Real railroading marches onward to find more fuel-efficient and environmentally friendly locomotion to cut pollution and add Benjamins to the bottom line. As these new locomotives have a toehold in the marketplace, O gauge manufacturers like MTH Electric Trains have responded quickly to the changing face of the industry.
The General Electric (GE) Hybrid Evolution series of locomotives is setting a standard for reliable, high-horsepower and low-emission operation. The locomotive’s main claim to fame is its ability to capture the energy dissipated during braking and store the power in batteries.
The energy is then reused, reducing fuel consumption by as much as 15 percent and emissions by as much as 50 percent compared to most freight locomotives in use today.
That isn’t a shabby accomplishment.
MTH’s model also offers a GE Engineering Developmental Laboratory car that was a steady companion of the demonstrator while making its rounds.
Opening the box
I’ve written that often a model’s core paint scheme color will obscure detail that may make the locomotive appear less appealing. No such problem with this unit. The green-and-blue tapestry lets you note every detail point with ease.
The nose is an example of this eye-catching detail, starting with black-on-white lettering above the six multiple-unit connections mounted on the face of the pilot. The uncoupler arm is black with white accents, and on the face of the nose you’ll find warning placards and a safety note on the door. The lime green paint makes the latches on either side of the ditch lights stand out.
The handrails and grab irons leading up the front of the nose are white, again permitting easy spotting on the lime green. Grab irons on the angle of the nose, above the windows and on top of the cab, are painted green.
The painting on the body also accentuates the latch, seam, and hinge details cast into the shell. There is great air filter detail on the body and louver detail on the side of the locomotive cab.
The roof of the cab is dominated by the thick, wide overhanging radiator wings. Each side is thick enough for General Electric to slap an “Evolution Hybrid” slogan on it, which would easily be readable by a driver sitting at a grade crossing of either 1:1 scale or 1:48 scale.
The roof has see-through screens both on top of the wings and just ahead of them. There is an exhaust stack, too. You’ll find add-on details like horns and what I presume are a GPS/communications receiver and an air-conditioning unit on top of the cab.
The locomotive has lights along the frame that on the real locomotive illuminate when the batteries are being charged. The few videos I’ve found online of the Hybrid don’t show this (it probably looks better at night), but on your layout this is an eye-catching feature.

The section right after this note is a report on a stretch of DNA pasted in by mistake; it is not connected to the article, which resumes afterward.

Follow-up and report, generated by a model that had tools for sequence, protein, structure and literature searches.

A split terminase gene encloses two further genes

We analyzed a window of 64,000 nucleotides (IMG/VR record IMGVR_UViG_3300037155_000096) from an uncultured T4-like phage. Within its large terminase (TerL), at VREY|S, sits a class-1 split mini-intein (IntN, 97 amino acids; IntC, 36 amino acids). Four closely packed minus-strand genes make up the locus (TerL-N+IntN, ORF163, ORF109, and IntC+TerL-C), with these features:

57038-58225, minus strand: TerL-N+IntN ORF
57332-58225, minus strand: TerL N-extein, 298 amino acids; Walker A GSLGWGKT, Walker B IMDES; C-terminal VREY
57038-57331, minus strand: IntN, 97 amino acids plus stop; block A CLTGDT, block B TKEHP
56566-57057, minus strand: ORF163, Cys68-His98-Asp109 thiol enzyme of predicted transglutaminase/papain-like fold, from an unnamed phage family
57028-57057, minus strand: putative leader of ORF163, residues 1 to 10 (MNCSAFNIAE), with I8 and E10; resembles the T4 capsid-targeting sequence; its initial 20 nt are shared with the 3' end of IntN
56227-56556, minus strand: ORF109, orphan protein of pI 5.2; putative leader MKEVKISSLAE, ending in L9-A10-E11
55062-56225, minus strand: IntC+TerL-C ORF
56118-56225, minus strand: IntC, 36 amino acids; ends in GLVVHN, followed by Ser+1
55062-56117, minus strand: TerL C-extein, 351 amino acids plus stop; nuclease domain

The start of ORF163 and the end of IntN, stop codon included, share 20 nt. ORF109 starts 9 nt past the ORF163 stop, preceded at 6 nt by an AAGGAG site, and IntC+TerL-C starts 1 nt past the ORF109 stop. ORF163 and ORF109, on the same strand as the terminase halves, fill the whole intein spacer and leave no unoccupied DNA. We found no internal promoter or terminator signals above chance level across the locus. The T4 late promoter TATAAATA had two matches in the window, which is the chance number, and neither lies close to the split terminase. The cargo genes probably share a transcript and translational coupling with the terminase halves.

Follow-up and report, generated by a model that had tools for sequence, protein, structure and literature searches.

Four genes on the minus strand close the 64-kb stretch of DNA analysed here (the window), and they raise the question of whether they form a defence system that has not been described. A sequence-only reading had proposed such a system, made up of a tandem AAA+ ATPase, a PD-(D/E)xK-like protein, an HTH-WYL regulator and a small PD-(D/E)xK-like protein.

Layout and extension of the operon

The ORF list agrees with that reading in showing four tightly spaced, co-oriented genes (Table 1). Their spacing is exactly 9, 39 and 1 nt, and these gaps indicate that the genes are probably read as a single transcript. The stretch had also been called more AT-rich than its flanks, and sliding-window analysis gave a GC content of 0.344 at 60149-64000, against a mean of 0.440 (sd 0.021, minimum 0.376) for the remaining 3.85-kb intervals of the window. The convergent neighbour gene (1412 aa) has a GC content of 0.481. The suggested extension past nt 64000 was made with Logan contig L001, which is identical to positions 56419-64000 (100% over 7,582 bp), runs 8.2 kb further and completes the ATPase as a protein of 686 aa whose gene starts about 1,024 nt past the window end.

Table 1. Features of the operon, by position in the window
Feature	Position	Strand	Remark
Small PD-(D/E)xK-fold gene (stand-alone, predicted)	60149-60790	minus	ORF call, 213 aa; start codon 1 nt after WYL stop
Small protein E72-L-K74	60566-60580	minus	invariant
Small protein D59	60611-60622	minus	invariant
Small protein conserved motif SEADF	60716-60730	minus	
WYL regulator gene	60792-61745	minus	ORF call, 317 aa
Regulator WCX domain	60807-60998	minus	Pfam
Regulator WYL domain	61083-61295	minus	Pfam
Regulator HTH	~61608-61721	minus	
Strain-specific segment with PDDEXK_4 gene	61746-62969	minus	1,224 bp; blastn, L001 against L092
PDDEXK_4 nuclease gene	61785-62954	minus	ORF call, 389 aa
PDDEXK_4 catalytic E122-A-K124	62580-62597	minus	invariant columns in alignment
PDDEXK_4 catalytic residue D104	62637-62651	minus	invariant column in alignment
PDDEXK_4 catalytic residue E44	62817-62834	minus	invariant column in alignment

Execution of the paint scheme on the locomotive is outstanding. Dark greens are also used for the leaf on the sides and the GE logo on the cab sides and nose.
The blue provides an interesting contrast to the green. There are many informational placards on the body as well as the eagle/lightning bolt shield of the U.S. Department of Energy.
The laboratory car is a streamlined baggage/RPO car (the mail pickup arm is on the narrow side door). The graphics complement the locomotive and are flawlessly executed. The car has a plastic shell and die-cast metal trucks and couplers. It isn’t a perfect match for the prototype car, but to me, it is a satisfactory substitute. Oh, MTH offers this car in two road numbers just in case you bought the Lionel GE Hybrid and need a mobile lab for it!
On the test track
This General Electric was a fun locomotive to operate. Mechanically. it was responsive and powerful. The unusual color and flashing lights are real dazzlers that will make the locomotive the lead actor in any 1:48 scale layout drama.
As has been mentioned in previous reviews of ProtoSound 3.0 locomotives, there is a slight hesitation when initially powering up the model as it charges its onboard capacitor. I will say that the startup delay for the Hybrid locomotive in conventional mode was long enough to have me wondering whether something was amiss (it wasn’t). Our sample logged delays ranging from 4 seconds in command mode, to 11 seconds in conventional mode. Go figure.
The sounds are outstanding, and the horn is a real attention-getter– just like what you would experience while stopped at a grade crossing.
Our command-mode low-speed average was 3.7 scale miles per hour, while the conventional mode low-speed average was 4.6 scale miles per hour. The high-speed average was 66.9 scale miles per hour.
Drawbar pull was 2 pounds.
In the hard-to-articulate department, having the matching laboratory car in tow was, in my mind, almost akin to running with a dummy B unit. It was visually like having more locomotive, even though the car didn’t really contribute anything beyond looking good.
The MTH GE Hybrid is a fine model that salutes a singularly innovative modern diesel locomotive. If “latest and greatest” are part of your O gauge railroad strategy, give this model a close look!
Price: $529.95 (no. 20-2986-1)
Features: O-42 operation, two can-style motors, ProtoSound 3.0 sound and command system, coil couplers on locomotive